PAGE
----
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Speed limits in France

Mandatory vehicle equipment in France

High Visibility Jacket High Visibility Jacket Mandatory use of high visibility jacket when leaving the vehicle during accident or breakdown by all passengers and driver 
First Aid Kit First Aid Kit  No regulations
Warning triangle Warning triangle  Required
Fire extinguisher Fire extinguisher  No regulations
Minimum tire tread depth Minimum tire tread depth  Summer tires (1,6mm), Winter tires (no regulations)
Winter tires Winter tires  No regulations
Snow chains Snow chains  Tire chain usage is permitted for hazardous weather only, but may not damage the road surface
Vehicle with trailer Vehicle with trailer  Extra side mirrors when width of trailer is higher than vehicle. Extra warning triangle
Spare light bulbs Spare light bulbs  Mandatory (for each light in the vehicle and trailer)
Breathalyser Breathalyser

Brathalysers are compulsory vehicle equipment since 1 July 2012 but the law was changed on 1 March 2013 and fines for not having alcotest in a vehicle were dropped.

Neil Greig, IAM director of policy and research, said: "The law for carrying breathalysers will no longer be enforced through fines, but in order to comply with the law we still recommend that you keep a breathalyser kit in the car whenever you're travelling to or through France."

Towing rope Towing rope  No regulations

Other regulations for drivers in France

Maximum permissible blood alcohol level Maximum permissible blood alcohol level 0,5‰ 
Use of day driving lights Use of day driving lights  Only during night and bad weather
Use of safety belts Use of safety belts  Required
Wild camping outside campsites Wild camping outside campsites  Allowed for one night on motorway parkings, streets and squares

Road tools and charges in France

  • No vignette
  • Toll relative to road section
  • Special tolls for tunnels, bridges, city tolls

Emergency telephone numbers in France

European emergency number 112
Roadside assistance +33 438 498 349

The information shown on this page is for informational purposes only.

In case of doubt, please note that priority is given to all traffic regulations applicable in a given country. CampRest is not responsible for the consequences of use of the information contained above.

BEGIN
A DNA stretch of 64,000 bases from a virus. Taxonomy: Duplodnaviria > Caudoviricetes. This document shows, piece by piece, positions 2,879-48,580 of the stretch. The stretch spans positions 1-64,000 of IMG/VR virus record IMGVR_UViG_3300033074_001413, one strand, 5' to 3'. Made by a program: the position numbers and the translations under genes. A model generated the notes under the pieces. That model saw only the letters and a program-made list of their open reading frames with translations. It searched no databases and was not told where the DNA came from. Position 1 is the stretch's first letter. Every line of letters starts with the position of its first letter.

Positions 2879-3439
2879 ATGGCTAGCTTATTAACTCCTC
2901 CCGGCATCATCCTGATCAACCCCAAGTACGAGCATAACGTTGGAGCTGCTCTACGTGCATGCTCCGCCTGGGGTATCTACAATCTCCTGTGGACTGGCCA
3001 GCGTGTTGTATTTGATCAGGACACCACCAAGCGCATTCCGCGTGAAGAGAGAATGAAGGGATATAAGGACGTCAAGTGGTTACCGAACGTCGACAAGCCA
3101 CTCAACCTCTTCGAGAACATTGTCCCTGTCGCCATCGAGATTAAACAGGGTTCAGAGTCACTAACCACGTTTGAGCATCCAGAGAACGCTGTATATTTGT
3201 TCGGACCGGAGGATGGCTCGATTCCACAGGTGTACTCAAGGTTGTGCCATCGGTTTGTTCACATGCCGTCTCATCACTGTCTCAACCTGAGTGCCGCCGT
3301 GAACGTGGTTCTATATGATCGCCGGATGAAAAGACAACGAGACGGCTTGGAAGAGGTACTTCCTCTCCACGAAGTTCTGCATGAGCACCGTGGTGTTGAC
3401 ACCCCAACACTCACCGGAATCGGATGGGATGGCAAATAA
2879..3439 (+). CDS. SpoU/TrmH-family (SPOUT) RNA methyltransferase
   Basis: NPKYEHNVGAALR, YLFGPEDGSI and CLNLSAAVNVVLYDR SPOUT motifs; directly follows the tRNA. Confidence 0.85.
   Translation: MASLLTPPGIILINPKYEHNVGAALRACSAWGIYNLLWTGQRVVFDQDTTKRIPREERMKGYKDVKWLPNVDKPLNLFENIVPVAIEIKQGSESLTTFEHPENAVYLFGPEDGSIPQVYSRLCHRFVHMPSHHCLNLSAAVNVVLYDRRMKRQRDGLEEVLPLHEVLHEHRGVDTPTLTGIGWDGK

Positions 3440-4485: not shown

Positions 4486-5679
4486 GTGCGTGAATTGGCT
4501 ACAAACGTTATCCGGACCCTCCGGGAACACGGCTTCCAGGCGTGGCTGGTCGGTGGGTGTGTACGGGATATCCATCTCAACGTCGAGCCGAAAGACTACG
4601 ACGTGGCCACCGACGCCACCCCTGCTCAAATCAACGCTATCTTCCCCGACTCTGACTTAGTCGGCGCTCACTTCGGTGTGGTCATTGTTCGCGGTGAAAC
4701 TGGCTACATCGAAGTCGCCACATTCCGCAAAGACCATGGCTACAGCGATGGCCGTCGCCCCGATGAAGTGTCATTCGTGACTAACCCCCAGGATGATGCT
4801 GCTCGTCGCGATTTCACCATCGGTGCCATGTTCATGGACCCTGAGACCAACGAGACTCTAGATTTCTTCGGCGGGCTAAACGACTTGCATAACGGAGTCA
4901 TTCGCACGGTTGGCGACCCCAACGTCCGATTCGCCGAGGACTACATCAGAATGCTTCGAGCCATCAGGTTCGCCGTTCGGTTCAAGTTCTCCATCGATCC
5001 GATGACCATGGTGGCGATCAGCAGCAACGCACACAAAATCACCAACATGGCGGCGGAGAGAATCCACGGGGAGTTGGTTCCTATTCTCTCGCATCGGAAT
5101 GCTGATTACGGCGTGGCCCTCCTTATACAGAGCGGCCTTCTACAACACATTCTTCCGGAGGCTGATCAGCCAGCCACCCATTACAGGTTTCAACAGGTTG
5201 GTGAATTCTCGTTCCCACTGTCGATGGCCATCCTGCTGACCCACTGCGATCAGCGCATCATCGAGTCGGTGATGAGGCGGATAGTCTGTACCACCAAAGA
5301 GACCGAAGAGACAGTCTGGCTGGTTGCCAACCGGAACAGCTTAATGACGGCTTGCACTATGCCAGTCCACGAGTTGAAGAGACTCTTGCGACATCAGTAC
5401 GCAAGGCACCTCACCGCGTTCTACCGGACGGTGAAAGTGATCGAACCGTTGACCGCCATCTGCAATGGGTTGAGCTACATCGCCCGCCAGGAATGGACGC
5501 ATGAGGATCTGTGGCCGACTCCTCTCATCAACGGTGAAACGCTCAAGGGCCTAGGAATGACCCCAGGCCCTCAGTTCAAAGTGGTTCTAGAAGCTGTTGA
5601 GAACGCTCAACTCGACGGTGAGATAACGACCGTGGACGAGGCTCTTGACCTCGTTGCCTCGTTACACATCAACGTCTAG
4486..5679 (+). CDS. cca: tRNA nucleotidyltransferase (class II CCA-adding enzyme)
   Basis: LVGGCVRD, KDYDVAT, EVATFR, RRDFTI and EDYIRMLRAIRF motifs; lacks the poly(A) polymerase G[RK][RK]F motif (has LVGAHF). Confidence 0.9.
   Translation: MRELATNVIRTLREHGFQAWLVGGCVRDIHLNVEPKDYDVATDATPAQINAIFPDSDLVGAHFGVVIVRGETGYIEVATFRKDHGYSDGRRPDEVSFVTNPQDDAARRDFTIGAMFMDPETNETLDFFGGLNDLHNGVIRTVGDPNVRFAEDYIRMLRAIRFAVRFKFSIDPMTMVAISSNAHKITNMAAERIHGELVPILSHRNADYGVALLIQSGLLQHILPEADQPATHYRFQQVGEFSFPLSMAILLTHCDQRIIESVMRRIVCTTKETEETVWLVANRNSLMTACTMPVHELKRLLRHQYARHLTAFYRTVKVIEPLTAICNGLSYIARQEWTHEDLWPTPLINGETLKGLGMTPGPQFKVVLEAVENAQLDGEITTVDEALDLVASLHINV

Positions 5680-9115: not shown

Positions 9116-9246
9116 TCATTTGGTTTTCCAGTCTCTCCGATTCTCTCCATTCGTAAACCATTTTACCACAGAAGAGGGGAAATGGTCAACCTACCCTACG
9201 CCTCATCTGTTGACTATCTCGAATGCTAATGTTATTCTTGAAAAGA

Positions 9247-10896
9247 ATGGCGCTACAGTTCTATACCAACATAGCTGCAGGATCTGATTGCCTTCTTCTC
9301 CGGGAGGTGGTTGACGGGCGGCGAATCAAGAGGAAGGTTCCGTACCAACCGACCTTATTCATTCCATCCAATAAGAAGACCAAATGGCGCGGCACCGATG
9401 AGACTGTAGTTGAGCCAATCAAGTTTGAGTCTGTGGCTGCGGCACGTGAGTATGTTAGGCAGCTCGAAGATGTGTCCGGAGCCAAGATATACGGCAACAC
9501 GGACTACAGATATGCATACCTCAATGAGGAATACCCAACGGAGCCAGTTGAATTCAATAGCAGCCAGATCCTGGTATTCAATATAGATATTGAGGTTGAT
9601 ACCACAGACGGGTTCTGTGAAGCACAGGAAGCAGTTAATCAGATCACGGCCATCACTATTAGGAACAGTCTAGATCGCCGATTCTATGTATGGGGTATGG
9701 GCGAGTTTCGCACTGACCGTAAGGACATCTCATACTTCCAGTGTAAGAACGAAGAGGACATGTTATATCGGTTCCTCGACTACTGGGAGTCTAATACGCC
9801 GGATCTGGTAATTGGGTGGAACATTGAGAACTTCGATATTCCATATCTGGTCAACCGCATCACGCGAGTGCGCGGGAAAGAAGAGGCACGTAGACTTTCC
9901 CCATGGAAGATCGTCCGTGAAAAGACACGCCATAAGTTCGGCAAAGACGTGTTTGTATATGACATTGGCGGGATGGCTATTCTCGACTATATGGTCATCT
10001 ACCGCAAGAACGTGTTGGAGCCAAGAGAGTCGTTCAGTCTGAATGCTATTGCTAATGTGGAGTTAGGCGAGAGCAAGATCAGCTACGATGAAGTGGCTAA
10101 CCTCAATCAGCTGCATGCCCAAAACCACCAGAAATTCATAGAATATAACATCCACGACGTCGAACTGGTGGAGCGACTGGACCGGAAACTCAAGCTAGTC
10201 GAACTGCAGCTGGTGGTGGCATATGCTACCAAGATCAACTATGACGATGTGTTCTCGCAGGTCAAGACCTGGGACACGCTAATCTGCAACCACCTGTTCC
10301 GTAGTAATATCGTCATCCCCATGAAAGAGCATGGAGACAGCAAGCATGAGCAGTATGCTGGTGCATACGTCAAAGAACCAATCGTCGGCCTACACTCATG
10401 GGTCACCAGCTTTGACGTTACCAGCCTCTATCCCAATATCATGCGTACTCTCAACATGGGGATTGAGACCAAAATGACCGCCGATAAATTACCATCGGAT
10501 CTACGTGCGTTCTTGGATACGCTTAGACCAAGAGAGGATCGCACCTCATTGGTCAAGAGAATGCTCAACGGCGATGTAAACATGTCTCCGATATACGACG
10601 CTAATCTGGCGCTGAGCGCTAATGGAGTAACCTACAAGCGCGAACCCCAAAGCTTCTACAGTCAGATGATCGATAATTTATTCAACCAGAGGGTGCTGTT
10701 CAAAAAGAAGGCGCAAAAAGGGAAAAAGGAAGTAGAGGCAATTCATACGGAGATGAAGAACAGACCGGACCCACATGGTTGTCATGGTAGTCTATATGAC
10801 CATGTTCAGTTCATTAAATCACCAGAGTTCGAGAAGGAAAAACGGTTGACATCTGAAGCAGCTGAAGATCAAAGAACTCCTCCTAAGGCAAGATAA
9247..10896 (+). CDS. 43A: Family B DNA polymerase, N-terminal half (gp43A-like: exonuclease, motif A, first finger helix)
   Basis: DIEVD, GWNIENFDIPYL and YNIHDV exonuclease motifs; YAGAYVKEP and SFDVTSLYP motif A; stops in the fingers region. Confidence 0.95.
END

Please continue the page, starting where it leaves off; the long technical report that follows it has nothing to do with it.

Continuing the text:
Comments

Anonymous
2019.07.23 09:31
Another thing that Camprest should mention is CritAir: Many cities in France can either no longer be entered at all with diesel driven vehicles, or city administrations claim the right to close their city for dirty vehicles as soon as the whether conditions start to stimulate pollution and bad air quality. This can even be extended to complete départements: whole districts can be closed for the dirtiest categories of traffic as soon as the air quality becomes too bad. You are expected to buy a CritAir certificate, but the French government did not care to translate their website into many European languages. Furthermore, the CritAir certificate is only available online, so the French government is basically raising their middle finger towards people who have no access to internet, no credit card, or no ability or trust to order online. Even if your vehicle is clean enough, you will be fined if you drive through an area where the CritAir-certificate is mandatory, if you have not purchased a CritAir certificate. Ordering online can take 4 or 5 weeks, from payment till delivery. As a rule of thumb, do not trust just any website that is trying to help you. Get your information from reliable sources, who keep track of changes. Automobile clubs like ADAC (Germany), Touring (Belgium, Switzerland), AA Road Patrol (United Kingdom) and ANWB (Netherlands) are more reliable sources of information. From my personal experience I have to say though, that ANWB shop staff members have become more focused on selling clothes and know less about travelling than they did 25 years ago. Young staff members who cannot find a popular holiday destination on a paper map are no exception anymore in the days of satellite navigation, turning off our brains... >:-/
Anonymous
2019.07.23 09:14
France has lowered the general speed limit on national roads outside built-up areas from 90km/h to 80 km/h. The new speed limit came into effect in 2018. President Macron also sold the speed cameras to private companies. This is one of the reasons behind the movement of protesters who wear yellow security vests. Les gilêts jaunes claim that the Paris government does not understand the circumstances of living in rural areas in France. Please correct your speed limits, before your readers get their French speeding tickets sent to their homes.
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